1. Physical abuse of spouse or children that is ongoing and not being remedied
  2. Flaunted infidelity such that the children are aware of it and will be given the message that such behavior is acceptable if separation did not take place.  The separation is for the sake of reconciliation.

Cultural Influences against permanence

There is a need to discuss the problem of the Catholic approach to divorce.  I.e. We don’t get divorces per se so when there is a crisis in the marriage we say, “There wasn’t any marriage in the first place.”  One immediately assumes that there wasn’t a valid marriage in order to justified the civil divorce.

These days, we hate the idea of pain and suffering. We don’t see it as redemptive. We don’t see any value in it. But people who know what love is understand suffering. People who love know that suffering has value. When you love someone, there isn’t anything you wouldn’t endure for that person, including the cross. In the end we know that love conquers all things, because love conquered all things when Christ conquered death on the cross.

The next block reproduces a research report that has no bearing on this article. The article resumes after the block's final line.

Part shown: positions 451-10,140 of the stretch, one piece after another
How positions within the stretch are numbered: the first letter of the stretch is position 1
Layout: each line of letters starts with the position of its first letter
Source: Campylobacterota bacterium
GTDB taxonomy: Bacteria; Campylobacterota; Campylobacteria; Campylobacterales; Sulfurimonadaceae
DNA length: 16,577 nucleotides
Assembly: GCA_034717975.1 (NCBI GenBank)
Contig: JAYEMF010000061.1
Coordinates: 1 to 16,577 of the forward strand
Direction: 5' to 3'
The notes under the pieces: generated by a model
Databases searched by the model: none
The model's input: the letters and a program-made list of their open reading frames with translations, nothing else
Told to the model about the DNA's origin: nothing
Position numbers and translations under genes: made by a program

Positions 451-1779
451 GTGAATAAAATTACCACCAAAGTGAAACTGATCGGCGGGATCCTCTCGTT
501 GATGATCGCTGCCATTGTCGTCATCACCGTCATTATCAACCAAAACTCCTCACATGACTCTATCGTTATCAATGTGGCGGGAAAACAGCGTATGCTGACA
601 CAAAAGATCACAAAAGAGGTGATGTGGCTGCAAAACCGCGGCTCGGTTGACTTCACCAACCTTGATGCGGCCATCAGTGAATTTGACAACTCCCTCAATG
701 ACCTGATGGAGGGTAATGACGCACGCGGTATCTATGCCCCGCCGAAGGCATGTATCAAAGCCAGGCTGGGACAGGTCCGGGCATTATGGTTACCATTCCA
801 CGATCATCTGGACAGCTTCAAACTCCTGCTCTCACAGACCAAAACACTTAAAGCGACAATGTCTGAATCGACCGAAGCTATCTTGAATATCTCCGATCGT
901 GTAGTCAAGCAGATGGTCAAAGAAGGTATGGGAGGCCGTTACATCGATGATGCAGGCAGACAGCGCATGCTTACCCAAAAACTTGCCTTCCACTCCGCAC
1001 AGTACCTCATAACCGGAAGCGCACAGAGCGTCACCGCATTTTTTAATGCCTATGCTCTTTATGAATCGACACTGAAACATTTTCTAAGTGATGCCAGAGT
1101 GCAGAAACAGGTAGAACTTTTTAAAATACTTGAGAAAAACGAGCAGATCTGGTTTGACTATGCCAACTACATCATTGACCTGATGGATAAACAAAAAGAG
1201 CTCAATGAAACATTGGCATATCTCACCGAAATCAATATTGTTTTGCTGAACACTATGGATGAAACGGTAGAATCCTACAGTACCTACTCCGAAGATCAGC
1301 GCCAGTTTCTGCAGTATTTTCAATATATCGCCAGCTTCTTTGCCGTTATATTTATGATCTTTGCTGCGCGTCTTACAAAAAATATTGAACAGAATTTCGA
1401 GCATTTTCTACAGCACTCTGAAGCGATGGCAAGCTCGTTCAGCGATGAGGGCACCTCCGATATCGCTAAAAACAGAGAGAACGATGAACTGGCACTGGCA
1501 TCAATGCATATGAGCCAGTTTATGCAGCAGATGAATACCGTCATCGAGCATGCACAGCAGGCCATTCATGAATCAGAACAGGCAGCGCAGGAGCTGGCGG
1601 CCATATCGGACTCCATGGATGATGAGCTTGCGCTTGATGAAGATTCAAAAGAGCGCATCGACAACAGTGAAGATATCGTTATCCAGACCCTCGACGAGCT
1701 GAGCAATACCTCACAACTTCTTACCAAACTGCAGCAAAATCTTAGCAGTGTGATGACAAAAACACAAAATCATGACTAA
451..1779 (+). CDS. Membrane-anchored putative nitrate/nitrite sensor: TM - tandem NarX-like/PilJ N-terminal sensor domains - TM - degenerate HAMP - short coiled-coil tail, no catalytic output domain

One must also address the issue of parental divorce and the effect upon the engaged couple.  One must ascertain the circumstances of the divorce and how the engaged person/couple views the divorce.  They need to consider how they intellectually view permanence and what their experience and emotional development might be.  For example, a common dynamic is as follows:

  1. “I am against divorce.”
  2. “My parents divorced and I don’t want to do that.”
  3. “They divorced because they said it was too painful to be together any longer and that they were better off apart.”
  4. “I love both my parents and I accept their decision.  They really were hurting each other too much and it’s better.”

What’s the experiential message?  “Marriage is permanent but if the pain is too much, divorce is better.”  What will happen when things get really painful?

The individual has to confront this idea and think through how they will make their life different.

What would the couple do?

  1. Do you know of a married couple who gave up on their marriage because their jobs and personal interests pulled them apart?
  2. What would you be willing to do with your own spouse to make your marriage work?
  3. How could you safeguard the permanence of your marriage?

Orientation on the Goods of Marriage: Partnership

Patrick J. DiVietri Ph.D. CPC, OCDS

Partnership

“The family is an intimate community of life and love, whose mission is to guard, reveal, and communicate love” (From Familiaris Consortio, #31).